I'm trying to make a Phase Vocoder in MATLAB. But I'm stuck with the calculations on changing the pitch. I browsed loads of website and I simply do not understand what to do.

Currently I have in my MATLAB code a working flow where input = output

$${\xrightarrow{\rm Input}}\boxed{\text{sampling}}{\rightarrow}\boxed{\text{Hanning window}}{\rightarrow}\boxed{\text{STFT}}{\rightarrow} \cdots {\rightarrow}\boxed{\text{ISTFT}}{\rightarrow}\boxed{\text{Add}}{\xrightarrow{\rm Output}}$$

What do I have to do in the $"\cdots"$ to get the pitch shift? With the STFT I get the FFT of 1024 sample windows with 512 overlap.

  • 1
    $\begingroup$ here my matlab code, this can be used to pitch shift, first do you need time stretch and then apply some kind of interpolation at the end $\endgroup$ – ederwander Nov 22 '17 at 1:25
  • $\begingroup$ i was about to suggest to the OP that he/she use the phase vocoder first to time-scale (which changes tempo without changing pitch) and then resample (which changes pitch and tempo together). that way the Hann windows stay the same width in the reconstruction overlap-add of the phase vocoder. $\endgroup$ – robert bristow-johnson Nov 22 '17 at 4:24
  • $\begingroup$ i have some MATLAB phase vocoder code, too. it was done back in 2001 when i did this paper on time-scaling each sinusoidal component inside each frame or block within the phase vocoder. $\endgroup$ – robert bristow-johnson Nov 22 '17 at 4:25
  • $\begingroup$ @ederwander Problem is that i have to put the algorithm in a real time dsp afterwards. Using your algorithm it is not possible as i can see. The dsp reads 1024 bytes while playing 1024 bytes in an other buffer. $\endgroup$ – Kristof Nov 22 '17 at 17:48
  • $\begingroup$ you want a real-time pitch shifter? why phase vocoder? $\endgroup$ – robert bristow-johnson Nov 22 '17 at 19:51

alright, conceptually, for one frame (which is centered at $n=0$ and has non-zero width of $N-1$ samples):

$$\begin{align} X[k] &= \mathcal{DFT}\Big\{ x[n] w(n) \Big\} \\ \\ &= \sum\limits_{n=-\tfrac{N}{2}}^{\tfrac{N}{2}-1} \big( x[n] w(n) \big) \, e^{-j \frac{2 \pi}{N} nk} \qquad |k| \le \tfrac{N}2 \\ \end{align}$$

here, our frame hop is $\tfrac{N}2$ samples, which is half of the window width.

$w(t)$ is a continuous-time complementary window with non-zero width of $N$ samples and centered at $t=0$, like a Hann window:

$$ w(t) = \begin{cases} \tfrac12 + \tfrac12 \cos\left(\tfrac{2\pi}{N}t \right) \qquad & |t| < \tfrac{N}2 \\ 0 \qquad & |t| \ge \tfrac{N}2 \\ \end{cases} $$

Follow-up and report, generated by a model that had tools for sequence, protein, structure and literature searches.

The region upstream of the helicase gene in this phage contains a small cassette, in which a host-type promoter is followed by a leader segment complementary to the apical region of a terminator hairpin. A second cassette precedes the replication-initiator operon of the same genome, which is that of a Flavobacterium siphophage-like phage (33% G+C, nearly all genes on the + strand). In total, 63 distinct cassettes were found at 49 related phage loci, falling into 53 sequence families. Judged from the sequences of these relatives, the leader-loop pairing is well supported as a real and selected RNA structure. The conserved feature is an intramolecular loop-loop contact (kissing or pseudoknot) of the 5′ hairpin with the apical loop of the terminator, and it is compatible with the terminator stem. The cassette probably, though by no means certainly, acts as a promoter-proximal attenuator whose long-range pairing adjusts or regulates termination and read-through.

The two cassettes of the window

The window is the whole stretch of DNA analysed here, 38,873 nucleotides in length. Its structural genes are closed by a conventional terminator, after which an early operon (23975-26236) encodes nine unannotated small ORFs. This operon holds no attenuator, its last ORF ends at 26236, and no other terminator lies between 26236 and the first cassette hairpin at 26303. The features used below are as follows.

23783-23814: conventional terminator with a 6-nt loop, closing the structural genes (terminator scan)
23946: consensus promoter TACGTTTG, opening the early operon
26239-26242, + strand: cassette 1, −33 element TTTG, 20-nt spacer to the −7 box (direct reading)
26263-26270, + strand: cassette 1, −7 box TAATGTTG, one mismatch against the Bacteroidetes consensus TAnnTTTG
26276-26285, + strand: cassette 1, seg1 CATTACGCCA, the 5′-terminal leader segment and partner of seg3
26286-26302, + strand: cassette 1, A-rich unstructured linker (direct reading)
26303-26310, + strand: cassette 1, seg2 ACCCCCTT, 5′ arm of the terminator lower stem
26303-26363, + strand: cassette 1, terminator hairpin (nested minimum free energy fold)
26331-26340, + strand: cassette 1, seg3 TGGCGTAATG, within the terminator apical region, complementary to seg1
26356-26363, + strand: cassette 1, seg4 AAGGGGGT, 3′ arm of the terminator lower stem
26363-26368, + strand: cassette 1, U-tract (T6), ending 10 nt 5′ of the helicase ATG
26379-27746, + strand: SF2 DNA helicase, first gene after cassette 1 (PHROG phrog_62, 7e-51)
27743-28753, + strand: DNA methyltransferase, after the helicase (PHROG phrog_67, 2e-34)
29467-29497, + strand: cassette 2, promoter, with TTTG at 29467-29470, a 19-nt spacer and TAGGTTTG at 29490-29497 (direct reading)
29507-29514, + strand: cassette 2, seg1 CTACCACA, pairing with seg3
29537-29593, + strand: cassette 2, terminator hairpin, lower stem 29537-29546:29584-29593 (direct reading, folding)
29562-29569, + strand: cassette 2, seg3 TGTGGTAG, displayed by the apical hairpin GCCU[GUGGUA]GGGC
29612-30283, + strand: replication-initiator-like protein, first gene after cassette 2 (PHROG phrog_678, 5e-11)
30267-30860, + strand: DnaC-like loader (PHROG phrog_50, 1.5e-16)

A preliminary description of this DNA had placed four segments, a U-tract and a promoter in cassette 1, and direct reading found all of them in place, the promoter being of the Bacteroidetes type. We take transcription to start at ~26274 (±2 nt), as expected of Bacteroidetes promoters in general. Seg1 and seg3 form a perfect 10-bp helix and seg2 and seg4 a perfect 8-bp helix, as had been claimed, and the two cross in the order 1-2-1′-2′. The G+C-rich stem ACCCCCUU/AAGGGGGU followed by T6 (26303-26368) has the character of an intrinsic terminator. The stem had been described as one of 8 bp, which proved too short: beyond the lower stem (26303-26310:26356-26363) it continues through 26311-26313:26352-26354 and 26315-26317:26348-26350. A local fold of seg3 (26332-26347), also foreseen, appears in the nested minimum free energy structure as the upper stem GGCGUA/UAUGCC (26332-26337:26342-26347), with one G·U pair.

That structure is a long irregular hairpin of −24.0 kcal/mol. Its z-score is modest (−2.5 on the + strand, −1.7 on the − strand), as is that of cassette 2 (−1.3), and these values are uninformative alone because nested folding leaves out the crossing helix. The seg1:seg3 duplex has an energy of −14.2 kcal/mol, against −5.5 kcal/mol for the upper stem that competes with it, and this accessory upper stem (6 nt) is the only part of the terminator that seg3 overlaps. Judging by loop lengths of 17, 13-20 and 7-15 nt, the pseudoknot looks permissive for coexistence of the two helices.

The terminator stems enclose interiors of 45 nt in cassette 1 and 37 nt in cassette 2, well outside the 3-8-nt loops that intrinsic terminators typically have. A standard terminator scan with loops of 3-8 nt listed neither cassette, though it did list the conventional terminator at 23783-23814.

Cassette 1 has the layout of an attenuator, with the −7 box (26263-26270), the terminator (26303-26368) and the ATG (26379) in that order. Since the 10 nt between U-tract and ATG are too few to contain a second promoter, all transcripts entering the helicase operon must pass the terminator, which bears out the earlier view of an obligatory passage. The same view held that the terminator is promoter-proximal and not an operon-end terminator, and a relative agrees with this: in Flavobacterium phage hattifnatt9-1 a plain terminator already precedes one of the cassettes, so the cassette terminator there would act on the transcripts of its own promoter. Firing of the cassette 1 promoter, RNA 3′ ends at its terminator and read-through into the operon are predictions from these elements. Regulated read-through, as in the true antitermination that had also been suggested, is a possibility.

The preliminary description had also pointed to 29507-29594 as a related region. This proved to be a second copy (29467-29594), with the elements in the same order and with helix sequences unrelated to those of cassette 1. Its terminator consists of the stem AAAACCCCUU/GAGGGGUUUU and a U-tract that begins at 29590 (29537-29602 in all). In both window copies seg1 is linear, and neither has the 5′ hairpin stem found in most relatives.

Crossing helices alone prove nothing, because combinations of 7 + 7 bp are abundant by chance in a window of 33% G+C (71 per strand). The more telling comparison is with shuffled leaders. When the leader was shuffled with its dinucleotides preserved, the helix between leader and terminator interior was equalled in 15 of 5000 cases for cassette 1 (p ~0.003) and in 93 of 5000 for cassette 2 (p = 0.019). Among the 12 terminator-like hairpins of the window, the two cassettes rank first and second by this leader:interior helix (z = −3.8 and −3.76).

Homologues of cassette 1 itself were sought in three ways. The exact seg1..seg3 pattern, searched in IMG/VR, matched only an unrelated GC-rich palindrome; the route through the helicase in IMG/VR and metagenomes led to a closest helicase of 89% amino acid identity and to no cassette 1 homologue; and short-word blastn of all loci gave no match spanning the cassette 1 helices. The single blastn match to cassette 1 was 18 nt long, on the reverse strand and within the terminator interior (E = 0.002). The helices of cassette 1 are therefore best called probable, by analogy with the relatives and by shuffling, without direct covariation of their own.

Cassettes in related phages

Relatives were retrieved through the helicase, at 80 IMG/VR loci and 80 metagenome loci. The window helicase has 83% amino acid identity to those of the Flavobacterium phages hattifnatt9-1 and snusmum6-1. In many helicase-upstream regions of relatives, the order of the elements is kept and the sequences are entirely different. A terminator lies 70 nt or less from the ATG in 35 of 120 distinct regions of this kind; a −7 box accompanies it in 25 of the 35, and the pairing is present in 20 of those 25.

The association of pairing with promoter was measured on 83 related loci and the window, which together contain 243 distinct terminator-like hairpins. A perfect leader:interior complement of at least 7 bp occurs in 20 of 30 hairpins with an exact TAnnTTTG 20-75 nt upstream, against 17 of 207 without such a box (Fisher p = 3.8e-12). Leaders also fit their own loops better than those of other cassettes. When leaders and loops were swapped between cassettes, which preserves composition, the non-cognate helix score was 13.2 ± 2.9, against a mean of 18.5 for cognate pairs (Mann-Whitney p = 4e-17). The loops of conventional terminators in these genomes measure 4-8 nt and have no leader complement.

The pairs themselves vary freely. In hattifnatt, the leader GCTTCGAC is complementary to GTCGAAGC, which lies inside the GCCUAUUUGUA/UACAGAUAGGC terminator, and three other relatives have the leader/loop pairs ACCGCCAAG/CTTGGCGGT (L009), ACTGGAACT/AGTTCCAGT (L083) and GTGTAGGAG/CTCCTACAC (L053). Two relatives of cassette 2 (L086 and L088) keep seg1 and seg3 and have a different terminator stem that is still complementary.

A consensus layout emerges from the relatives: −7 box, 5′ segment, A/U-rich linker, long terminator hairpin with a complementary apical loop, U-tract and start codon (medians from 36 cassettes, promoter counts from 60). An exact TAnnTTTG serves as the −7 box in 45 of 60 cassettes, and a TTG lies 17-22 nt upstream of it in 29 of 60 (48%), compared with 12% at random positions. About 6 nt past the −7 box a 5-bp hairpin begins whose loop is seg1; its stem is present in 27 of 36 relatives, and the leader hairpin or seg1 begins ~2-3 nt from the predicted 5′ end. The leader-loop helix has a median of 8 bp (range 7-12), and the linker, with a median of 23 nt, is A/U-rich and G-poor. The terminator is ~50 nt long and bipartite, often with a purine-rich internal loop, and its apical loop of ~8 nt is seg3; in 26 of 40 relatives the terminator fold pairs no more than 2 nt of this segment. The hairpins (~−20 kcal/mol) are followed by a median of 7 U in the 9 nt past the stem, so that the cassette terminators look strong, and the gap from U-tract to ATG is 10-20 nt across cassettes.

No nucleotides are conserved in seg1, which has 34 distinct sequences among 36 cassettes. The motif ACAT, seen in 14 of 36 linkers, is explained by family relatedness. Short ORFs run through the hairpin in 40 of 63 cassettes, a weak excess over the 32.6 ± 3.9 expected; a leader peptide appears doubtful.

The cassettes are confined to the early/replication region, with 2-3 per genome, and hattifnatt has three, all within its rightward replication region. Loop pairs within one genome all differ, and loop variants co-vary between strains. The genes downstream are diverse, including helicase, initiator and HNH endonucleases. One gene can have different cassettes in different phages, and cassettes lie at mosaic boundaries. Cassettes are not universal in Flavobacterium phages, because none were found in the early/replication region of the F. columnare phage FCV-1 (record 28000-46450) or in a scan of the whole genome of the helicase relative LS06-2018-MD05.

the output spectrum is a scaled copy of the input spectrum. this is what shifts the pitch.

$$ Y[k] = \begin{cases} X(\alpha^{-1} k) \qquad & |k| \le \tfrac{N \alpha}{2} \\ 0 \qquad & |k| > \tfrac{N \alpha}{2} \\ \end{cases} $$

where $\alpha$ is the output-to-input frequency ratio. $X(f)$ is a continuous-frequency function that is interpolated from the discrete-frequency spectrum $X[k]$ in such a way that equality exists when the argument is an integer.

$$ X(f) \bigg|_{f=k} = X[k] \qquad k \in \mathbb{Z} $$

the discrete-time-domain output for this frame (before adjusting for stretching or scrunching the window) is:

$$\begin{align} y[n] &= \mathcal{iDFT}\Big\{ Y[k] e^{j \phi[k]} \Big\} \\ \\ &= \tfrac{1}{N} \sum\limits_{k=-\tfrac{N}{2}}^{\tfrac{N}{2}-1} \big( Y[k] e^{j \phi[k]} \big) \, e^{j \frac{2 \pi}{N} nk} \qquad |n| \le \tfrac{N}2 \\ \end{align}$$

and the frame of output (centered at time $n=0$) is

$$ y[n] \frac{w(n)}{w(\alpha \, n)} $$

the $\frac{w(n)}{w(\alpha \, n)}$ factor is undoing the stretched or scrunched input window and re-applying the original window at the same scale (since we're not time-scaling and the frame hop length remains unchanged from input to output).

$\phi[k]$ is a phase adjustment (with odd symmetry in $k$) that is constant for each sinusoidal component (a la Miller Puckette) rather than a changing phase adjustment for each FFT bin (a la Portnoff). that phase adjustment for each frequency component is what is required to make each sinusoid component continuous because of the frequency shift. that's how the phase vocoder does glitch-free pitch shifting, even if the input is not periodic or a single harmonic note.

this is why this phase adjustment is needed. consider a single sinusoid with normalized angular frequency $\omega_0$.

$$\begin{align} x[n] &= \cos(\omega_0 n + \theta_0) \\ &= \tfrac12\big(e^{j (\omega_0 n + \theta_0)} + e^{-j (\omega_0 n + \theta_0)} \big) \\ &= \tfrac12\big(e^{j\theta_0}e^{j \omega_0 n} + e^{-j\theta_0}e^{-j \omega_0 n} \big) \\ \end{align}$$

now let's consider only the positive frequency complex component.

$$ \hat{x}[n] = e^{j\theta_0}e^{j \omega_0 n} $$

this has an instantaneous angle of $\theta_0$ at time $n=0$. now the instantaneous value of this sinusoid in the center of the previous frame is